As you can read in A Tour of Scala: Sequence Comprehensions:
"In scala every datatype that supports the operations filter, map, and flatMap (with the proper types) can be used in sequence comprehensions." In fact this means you can threat it like a monad.

And flatMap for monad have signature like this:

```
def flatMap(f: A => M[B]): M[B]
```

All collections in scala have monadic interfaces, so you can look at monadic operations in that narrow scope as operations on sequences. But that is not the whole story. In case of some monads looking on them as on collections is more confusing than helpful. Generally flatMap applies a transformation of the monad "content" by composing this monad with an operation resulting in another monad instance of the same type.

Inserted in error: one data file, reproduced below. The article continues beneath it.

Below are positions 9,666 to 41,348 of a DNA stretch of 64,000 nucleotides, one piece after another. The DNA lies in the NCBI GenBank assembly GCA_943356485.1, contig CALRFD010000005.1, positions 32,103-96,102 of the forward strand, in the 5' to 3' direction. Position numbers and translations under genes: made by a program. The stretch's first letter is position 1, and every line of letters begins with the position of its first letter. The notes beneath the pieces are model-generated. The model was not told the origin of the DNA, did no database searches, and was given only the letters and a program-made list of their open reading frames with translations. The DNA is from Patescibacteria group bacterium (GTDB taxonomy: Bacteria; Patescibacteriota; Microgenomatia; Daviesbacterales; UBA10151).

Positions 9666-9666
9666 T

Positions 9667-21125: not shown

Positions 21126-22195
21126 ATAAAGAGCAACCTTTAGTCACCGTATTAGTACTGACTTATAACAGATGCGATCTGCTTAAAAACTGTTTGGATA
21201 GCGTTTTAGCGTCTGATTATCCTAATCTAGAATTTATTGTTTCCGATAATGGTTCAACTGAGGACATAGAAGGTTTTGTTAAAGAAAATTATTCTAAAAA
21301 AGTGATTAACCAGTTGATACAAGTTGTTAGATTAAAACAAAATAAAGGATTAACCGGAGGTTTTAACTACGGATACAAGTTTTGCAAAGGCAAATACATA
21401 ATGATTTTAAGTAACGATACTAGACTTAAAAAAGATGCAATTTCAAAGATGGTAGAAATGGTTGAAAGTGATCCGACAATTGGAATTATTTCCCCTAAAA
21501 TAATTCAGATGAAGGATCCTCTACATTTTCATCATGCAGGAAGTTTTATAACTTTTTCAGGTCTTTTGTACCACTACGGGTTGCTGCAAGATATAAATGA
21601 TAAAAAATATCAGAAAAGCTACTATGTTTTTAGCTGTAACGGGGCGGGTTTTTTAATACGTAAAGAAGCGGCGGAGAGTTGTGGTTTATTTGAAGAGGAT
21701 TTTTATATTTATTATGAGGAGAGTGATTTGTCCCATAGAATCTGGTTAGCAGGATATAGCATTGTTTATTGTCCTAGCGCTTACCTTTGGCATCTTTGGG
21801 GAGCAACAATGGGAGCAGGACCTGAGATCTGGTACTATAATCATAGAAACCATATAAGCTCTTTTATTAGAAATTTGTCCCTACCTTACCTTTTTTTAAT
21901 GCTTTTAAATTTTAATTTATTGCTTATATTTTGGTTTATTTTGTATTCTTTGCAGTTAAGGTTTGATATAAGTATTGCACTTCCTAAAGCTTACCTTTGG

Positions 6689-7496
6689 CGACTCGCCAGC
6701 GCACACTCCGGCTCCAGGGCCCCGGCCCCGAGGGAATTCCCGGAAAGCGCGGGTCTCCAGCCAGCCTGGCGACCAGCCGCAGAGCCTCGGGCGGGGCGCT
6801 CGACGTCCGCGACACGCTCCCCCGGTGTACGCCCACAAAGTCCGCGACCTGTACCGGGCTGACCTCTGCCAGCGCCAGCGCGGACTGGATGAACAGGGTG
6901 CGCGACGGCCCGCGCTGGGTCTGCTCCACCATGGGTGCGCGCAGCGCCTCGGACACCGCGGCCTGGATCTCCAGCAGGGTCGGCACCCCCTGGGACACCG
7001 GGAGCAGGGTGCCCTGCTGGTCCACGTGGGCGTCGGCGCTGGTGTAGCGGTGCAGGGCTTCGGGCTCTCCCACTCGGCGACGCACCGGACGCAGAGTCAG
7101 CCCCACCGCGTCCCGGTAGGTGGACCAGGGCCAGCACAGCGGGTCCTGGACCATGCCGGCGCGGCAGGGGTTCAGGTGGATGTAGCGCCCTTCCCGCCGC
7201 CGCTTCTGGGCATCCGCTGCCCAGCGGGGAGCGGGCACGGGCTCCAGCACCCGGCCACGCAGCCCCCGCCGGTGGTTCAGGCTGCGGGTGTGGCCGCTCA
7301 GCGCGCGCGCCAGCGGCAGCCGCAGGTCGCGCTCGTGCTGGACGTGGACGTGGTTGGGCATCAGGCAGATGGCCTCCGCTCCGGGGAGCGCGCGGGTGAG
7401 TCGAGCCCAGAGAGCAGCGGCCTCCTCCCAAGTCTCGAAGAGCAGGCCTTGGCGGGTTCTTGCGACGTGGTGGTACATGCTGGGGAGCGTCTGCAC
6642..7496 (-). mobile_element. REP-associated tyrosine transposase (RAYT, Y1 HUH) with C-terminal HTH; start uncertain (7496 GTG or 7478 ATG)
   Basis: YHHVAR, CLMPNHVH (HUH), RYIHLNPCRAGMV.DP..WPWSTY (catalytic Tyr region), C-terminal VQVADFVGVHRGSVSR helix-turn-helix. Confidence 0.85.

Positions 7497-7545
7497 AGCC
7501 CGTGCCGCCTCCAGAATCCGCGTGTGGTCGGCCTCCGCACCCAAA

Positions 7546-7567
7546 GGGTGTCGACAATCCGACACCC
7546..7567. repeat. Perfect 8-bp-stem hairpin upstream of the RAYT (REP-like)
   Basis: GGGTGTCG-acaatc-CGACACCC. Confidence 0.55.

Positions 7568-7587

So you can look at monads in at least two ways:

- Monad is some kind of collection (or box holding something) and elements of that collection are "content".
- Monad is some kind of context and elements of monad are just some computations made in that context.

Sometimes it's easier to think about monad as collection, sometimes it's easier to think about it as context. At least for me. In fact that both approaches are interchangeable, i.e. you can look at lists (collections) as nondeterministic computations which may return an arbitrary number of results.

So in case of Try it could be easier to think about it as execution context, with two states, Success and Failure. If you want to compose few Tries then and one of them is in Failure state then whole context becomes Failure (chain is broken). Otherwise you can do some operations on the "content" of that Tries and the context is Success.

`map`

and`flatMap`

are not about sequences, they are about monads. There are many monads that have nothing to do with collections of any sort.`Try`

and`Future`

are examples of these. (While`Try`

is not technically, strictly a monad, it's close enough for most purposes.) – Randall Schulz Nov 25 '13 at 14:45